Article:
Axios

Axios reporter Miriam Kramer notes that scientists from MIT and other institutions are planning a mission to probe the atmosphere of Venus for any potential signs of life. The probe “will come equipped with a laser designed to help it figure out what kind of chemistry is happening in droplets in Venus' atmosphere during a three-minute flight through the planet's clouds,” writes Kramer.

Newsweek

Newsweek reporter Robert Lea spotlights how MIT researchers traced the source of a bright blue cosmic explosion to the birth of a neutron star or black hole. “We have likely discovered the birth of a compact object in a supernova” says research scientists Dheeraj “DJ” Pasham. “This happens in normal supernovae, but we haven’t seen it before because it’s such a messy process. We think this new evidence opens possibilities for finding baby black holes or baby neutron stars.”

Gizmodo

Gizmodo reporter Isaac Schultz writes that MIT astronomers have found that a black hole or neutron star may have been produced by a burst of stellar light, known as “the Cow." “I think the Cow is just the beginning of what is to come,” explains research scientist Dheeraj “DJ” Pasham. “More such objects would provide a new window into these extreme explosions.”

New Scientist

New Scientist reporter Leah Crane writes that astronomers have found evidence that a large stellar explosion detected in 2018 was likely caused by a dying star that gave birth to a neutron star or small black hole. “People have been suspecting that these kind of extreme explosions could be the birth of black holes or neutron stars, but this is a final piece of evidence that I think really settles the case,” says research scientist Dheeraj “DJ” Pasham.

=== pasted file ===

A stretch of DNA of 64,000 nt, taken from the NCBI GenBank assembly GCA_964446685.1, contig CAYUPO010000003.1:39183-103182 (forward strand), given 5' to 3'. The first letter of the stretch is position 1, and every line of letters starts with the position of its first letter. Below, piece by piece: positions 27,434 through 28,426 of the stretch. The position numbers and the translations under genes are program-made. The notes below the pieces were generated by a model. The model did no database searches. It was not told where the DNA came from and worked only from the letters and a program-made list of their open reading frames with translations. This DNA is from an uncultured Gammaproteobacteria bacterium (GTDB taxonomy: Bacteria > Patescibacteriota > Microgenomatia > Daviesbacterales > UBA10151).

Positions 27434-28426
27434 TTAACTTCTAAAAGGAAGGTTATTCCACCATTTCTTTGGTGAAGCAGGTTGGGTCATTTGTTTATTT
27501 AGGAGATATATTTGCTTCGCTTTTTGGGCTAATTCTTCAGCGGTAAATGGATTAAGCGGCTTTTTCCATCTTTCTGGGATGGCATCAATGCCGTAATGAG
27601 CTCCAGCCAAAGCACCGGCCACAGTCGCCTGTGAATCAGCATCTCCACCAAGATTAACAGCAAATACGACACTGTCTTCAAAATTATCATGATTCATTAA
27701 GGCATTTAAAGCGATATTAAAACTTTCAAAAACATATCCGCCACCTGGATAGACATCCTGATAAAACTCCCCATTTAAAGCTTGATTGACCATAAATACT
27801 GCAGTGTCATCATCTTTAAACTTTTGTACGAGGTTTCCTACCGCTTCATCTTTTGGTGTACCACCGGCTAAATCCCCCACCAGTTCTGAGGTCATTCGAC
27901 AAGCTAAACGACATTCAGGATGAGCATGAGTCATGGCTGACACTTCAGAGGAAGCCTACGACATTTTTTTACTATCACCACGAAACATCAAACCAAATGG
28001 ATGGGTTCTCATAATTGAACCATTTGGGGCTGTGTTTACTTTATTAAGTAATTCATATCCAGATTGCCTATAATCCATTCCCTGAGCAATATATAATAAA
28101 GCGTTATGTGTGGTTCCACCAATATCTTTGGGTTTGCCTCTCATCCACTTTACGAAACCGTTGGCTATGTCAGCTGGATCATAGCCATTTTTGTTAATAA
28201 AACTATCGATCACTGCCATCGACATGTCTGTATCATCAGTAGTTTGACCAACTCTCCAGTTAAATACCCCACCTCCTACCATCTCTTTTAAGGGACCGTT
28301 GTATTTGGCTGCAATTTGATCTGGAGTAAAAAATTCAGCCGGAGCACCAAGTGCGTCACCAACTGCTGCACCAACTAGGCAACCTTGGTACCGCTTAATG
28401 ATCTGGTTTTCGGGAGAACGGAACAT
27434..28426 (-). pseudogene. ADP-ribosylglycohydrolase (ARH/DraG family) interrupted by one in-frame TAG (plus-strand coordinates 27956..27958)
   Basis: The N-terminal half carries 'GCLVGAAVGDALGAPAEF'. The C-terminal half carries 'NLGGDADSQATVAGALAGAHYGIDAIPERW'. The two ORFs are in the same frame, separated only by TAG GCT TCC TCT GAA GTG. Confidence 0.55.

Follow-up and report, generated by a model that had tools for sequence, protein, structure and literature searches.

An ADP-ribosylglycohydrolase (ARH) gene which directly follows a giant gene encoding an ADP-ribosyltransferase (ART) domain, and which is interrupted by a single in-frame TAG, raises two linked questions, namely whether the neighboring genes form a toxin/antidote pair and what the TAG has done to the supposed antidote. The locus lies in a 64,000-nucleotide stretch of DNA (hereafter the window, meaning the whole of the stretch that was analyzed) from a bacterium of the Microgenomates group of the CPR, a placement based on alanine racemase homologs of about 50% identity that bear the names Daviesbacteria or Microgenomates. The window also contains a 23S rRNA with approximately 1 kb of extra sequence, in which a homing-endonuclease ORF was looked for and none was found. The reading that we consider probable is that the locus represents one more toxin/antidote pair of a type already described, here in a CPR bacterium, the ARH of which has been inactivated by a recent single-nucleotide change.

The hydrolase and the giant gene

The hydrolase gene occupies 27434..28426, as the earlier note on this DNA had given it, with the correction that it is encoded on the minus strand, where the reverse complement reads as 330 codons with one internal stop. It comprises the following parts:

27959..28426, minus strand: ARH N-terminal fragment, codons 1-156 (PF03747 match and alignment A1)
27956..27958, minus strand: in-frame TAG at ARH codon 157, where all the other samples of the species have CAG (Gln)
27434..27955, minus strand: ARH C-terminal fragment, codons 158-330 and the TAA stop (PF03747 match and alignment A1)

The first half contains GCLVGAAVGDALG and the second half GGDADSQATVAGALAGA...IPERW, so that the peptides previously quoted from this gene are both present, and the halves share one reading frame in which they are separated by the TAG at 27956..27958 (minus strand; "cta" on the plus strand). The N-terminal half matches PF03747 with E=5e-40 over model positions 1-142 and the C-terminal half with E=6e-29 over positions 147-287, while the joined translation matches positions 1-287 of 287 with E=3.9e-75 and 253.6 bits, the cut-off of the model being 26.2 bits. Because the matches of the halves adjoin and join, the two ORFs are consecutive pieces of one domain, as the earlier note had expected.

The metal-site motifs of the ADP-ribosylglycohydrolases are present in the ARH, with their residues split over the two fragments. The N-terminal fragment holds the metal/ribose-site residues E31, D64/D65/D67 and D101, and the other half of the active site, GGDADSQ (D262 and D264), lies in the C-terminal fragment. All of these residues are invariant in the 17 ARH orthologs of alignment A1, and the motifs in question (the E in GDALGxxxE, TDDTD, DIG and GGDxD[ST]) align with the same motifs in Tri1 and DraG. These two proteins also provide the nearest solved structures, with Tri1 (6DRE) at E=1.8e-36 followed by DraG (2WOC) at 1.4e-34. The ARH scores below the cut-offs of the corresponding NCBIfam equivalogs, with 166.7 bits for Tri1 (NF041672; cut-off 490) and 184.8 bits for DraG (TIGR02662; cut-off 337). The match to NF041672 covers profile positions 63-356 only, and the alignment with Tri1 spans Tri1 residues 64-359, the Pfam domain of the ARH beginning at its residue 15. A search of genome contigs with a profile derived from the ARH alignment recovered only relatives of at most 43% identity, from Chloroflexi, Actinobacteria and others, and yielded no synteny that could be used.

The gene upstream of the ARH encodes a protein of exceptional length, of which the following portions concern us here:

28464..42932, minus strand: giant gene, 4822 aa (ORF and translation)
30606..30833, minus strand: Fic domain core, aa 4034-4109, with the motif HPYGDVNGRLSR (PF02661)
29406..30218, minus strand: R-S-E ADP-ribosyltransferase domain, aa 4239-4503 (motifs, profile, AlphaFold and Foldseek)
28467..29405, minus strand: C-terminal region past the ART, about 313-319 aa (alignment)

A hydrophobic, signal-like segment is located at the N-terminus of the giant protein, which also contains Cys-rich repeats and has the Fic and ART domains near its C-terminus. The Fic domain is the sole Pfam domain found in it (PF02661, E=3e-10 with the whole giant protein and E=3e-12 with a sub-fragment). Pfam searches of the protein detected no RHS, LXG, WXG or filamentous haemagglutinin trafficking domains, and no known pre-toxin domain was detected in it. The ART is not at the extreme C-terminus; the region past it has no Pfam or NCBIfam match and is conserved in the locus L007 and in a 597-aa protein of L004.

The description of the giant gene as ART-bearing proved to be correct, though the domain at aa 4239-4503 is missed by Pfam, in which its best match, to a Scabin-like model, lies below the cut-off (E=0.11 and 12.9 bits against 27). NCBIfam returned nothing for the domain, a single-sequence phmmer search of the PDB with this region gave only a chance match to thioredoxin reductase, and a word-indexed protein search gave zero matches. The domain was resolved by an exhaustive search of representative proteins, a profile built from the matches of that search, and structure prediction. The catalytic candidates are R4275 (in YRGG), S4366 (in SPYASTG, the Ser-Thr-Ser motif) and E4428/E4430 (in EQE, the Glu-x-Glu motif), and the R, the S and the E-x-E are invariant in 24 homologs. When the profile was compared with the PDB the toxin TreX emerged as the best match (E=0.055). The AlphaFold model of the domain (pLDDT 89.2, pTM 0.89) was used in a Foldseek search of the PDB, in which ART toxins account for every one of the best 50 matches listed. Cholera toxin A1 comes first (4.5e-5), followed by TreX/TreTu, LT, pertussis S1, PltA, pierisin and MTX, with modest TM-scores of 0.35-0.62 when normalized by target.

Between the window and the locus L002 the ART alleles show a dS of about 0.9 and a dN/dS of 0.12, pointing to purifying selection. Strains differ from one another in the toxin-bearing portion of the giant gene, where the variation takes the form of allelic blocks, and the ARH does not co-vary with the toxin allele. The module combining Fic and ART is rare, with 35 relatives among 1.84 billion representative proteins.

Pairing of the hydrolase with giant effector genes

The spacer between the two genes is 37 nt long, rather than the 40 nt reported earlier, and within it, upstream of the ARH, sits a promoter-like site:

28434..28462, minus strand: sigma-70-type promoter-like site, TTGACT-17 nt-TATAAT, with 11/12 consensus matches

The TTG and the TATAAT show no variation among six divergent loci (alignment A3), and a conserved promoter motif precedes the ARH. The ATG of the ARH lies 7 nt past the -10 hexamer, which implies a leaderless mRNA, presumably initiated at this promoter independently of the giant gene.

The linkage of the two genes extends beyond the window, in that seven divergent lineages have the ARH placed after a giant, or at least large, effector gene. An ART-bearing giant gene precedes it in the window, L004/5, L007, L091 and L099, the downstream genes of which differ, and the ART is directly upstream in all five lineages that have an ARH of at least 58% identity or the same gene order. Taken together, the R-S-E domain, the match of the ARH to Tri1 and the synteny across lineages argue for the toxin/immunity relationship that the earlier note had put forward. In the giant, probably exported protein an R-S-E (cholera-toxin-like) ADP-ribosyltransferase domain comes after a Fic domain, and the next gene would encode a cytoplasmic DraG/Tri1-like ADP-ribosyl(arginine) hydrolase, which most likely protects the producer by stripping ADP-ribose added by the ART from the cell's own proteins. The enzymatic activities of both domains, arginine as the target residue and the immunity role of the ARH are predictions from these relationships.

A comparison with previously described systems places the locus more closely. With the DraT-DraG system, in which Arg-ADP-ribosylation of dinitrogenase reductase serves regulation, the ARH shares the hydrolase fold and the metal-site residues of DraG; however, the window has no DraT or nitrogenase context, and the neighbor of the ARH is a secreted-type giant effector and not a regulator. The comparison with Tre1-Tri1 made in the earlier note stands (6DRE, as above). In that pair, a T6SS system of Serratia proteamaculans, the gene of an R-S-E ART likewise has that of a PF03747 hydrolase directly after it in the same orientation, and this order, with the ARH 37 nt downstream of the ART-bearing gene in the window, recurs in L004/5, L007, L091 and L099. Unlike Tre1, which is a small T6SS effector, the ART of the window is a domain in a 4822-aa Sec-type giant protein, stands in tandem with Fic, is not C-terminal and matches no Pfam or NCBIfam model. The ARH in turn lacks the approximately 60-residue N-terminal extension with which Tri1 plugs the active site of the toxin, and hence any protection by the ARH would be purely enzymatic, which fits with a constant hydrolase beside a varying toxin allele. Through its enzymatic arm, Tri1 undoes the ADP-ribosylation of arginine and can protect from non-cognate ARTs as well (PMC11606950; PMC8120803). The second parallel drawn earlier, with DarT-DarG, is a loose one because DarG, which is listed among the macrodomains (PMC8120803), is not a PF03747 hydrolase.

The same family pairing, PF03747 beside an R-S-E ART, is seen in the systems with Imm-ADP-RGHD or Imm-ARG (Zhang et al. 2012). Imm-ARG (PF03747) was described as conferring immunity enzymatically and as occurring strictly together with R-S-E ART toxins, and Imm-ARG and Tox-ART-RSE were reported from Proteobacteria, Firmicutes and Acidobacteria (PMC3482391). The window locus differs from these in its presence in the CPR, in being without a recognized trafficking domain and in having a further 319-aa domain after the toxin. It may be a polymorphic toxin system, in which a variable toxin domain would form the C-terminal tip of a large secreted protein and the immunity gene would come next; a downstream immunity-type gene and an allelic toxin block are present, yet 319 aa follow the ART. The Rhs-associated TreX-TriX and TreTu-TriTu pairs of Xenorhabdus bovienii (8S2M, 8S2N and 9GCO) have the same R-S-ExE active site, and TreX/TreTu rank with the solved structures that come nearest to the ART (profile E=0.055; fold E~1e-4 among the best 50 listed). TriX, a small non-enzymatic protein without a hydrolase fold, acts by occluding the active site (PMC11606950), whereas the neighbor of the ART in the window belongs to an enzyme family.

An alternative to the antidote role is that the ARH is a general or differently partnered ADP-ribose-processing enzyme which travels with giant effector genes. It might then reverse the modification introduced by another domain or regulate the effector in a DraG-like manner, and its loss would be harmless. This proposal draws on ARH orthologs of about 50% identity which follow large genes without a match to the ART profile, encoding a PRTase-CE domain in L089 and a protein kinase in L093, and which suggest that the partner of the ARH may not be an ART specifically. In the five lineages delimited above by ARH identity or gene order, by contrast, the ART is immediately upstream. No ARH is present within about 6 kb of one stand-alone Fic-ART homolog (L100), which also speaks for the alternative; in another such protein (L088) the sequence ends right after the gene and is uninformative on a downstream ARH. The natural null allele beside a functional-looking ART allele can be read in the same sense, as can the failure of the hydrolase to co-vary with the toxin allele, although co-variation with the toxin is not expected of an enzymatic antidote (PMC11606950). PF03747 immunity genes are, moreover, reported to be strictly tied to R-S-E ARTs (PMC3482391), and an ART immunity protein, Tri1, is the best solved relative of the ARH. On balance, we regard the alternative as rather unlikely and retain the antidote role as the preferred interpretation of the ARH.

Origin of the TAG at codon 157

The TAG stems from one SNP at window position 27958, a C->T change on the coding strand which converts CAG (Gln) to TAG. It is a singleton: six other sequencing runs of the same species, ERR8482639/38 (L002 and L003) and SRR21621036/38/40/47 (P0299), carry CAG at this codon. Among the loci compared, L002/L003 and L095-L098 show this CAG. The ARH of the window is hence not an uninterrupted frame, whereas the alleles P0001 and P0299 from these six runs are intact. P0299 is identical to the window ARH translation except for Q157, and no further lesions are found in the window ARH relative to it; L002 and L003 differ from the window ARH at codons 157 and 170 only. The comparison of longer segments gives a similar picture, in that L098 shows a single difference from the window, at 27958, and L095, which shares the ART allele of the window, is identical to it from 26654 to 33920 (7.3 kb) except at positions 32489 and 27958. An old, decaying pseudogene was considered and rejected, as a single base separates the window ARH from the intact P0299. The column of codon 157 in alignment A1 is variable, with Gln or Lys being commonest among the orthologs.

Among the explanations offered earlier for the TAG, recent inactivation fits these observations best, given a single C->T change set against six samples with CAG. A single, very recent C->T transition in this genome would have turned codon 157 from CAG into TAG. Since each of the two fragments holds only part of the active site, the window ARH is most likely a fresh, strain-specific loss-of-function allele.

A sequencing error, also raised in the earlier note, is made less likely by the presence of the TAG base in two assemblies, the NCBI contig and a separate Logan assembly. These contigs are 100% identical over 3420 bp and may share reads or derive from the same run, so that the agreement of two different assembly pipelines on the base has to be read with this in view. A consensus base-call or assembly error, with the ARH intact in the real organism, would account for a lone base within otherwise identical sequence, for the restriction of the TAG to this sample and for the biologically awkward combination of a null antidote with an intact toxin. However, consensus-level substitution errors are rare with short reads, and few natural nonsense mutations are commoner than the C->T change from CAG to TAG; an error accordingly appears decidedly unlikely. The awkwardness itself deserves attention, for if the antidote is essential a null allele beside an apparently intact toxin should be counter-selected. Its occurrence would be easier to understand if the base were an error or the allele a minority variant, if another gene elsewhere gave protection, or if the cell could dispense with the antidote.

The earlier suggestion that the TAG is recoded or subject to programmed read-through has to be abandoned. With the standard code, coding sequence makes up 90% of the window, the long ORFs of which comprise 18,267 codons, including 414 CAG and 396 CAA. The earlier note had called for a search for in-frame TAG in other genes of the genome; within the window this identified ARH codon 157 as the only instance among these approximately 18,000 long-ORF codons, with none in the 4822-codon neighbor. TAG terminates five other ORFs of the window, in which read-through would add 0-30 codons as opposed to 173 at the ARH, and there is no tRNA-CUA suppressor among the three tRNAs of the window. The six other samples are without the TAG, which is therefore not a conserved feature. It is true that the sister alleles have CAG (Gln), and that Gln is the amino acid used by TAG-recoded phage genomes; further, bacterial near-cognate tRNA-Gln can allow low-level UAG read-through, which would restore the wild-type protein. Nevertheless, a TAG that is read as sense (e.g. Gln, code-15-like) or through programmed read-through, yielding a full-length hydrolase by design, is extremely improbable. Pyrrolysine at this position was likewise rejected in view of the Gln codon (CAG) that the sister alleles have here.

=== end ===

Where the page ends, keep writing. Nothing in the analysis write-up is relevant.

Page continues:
Forbes

MIT researchers have uncovered evidence that the creation of a new black hole or neutron star caused a strange blue flash of light in space that was detected in 2018, reports Téa Kvetenadze for Forbes. An explanation for the event was elusive until researchers “focused on the X-rays emitted by the flash and found the Cow was producing a pulse of X-rays every 4.4 milliseconds.”

CNET

CNET reporter Monisha Ravisetti writes that MIT researchers have found that a super-bright stellar explosion detected in 2018 likely gave rise to a new black hole or neutron star.  "Usually, I dare not say 'first time,'" explains research scientist Dheeraj "DJ" Pasham. "But I truly think this is the first time that you have direct confirmation, so to say, that a star dies and you immediately see the baby compact object."

USA Today

Marcos Berríos ‘06, Christina Birch PhD ’15, and Christopher Williams PhD ’12 are among the ten selected to be a part of NASA’s 2021 astronaut candidate class, reports Emre Kelly for USA Today. “Flanked by T-38 Talon jets to be used over their two-year training course at Johnson Space Center in Houston, NASA officials introduces the 2021 class of six men and four women in front of their families, friends, and soon-to-be colleagues,” writes Kelly.